Ever tell a story more than once and it just keeps getting better? A few years ago, I wrote in this column, a story about a fellow I have known since I first moved to the Cape in 1971.
I ran into him a few years back just outside the front door of our Hyannis office. He has always had a keen sense of humor and I remember him for greeting people with "Good and you?", without waiting for the question. He gets right to the point. I guess I hadn't seen him in a while. He told me he had had a stroke and it had left him paralyzed on the left side. He described it as if a line had been drawn vertically down his body and everything on the right worked and everything on the left didn't. I was surprised because he looked fine, and he told me the story of his remarkable recovery. He retired a few years back from excavation, but he has hung onto a Caterpillar 225 hydraulic excavator from the early 70’s that he has owned since new. I remember when he got first it. Everything he owned was a Cat.
After his stroke, when he was half paralyzed, he kept looking at that old excavator out back and started going out and sitting in the machine he had owned and operated for years. He would tape his left, now unresponsive hand to the joystick in the cab and try to think the nerves into moving. After many weeks, one day he thought he felt a flicker. He kept at it and days and weeks later, started to make some hand movements with his left hand. these were not useful movements that could make the excavator function, but hand movements just the same.
Later, he could start to make a circle and then finally, amazingly, he started to make lefts/rights, as well as forward/backward moves that would translate to productive commands for the machine. Now, that old Caterpillar could finally start to move again, and he was back in control of her. Somehow, these very familiar motions, that he’d been practicing for over 40 years, miraculously began to re-establish themselves as he re-learned these lost skills. He told me his wife thought he was crazy dragging himself out there each day, but she must have figured it was better to see him busy than moping around half paralyzed.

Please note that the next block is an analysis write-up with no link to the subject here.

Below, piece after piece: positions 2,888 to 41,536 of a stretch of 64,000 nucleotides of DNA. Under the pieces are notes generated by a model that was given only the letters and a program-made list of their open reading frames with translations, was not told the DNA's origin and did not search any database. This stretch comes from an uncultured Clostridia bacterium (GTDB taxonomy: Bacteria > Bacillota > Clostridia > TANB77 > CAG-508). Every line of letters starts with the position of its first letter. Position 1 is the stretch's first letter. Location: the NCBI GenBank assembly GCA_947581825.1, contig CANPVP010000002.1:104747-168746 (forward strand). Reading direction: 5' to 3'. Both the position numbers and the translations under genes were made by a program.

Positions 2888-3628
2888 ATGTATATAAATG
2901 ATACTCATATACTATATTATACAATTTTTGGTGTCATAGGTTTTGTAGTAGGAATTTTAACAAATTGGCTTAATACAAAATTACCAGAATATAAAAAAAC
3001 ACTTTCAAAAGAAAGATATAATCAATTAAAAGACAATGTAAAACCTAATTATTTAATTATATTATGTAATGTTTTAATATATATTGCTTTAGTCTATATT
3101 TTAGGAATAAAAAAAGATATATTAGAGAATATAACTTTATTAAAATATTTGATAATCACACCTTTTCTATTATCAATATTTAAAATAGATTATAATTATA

I wrote my first story and called it Cat Therapy. I did some research and found out through the chief of staff at Spaulding Rehab, that essentially this fellow had created new neural pathways to replace those that the stroke had damaged. He had in effect, re-wired his control systems. I was amazed to see how good he looked and how well he moved. He told me the only thing he couldn't do was run, but that at his age, it wasn't something he wanted to do anyway. I was further amazed when I got a call from a fellow in the marketing department of Caterpillar. He had gotten a copy of Cat Therapy from a relative in Barnstable. He loved the story and asked if he could publish an account of the tale in Caterpillar's worldwide newsletter and with all the proper permissions, he did. The story went out to 300,000 Caterpillar employees and dealers around the world. The comments back from those who were touched by the story were wonderful. It really inspired me how much his story had inspired people who took the time to write back. People were really touched by this man's belief, his tenacity, his patience, his results, and I think they enjoyed his brand loyalty too. For the next time you face a business or personal challenge remember this:
Those who say it can't be done, should be out of the way of those already doing it.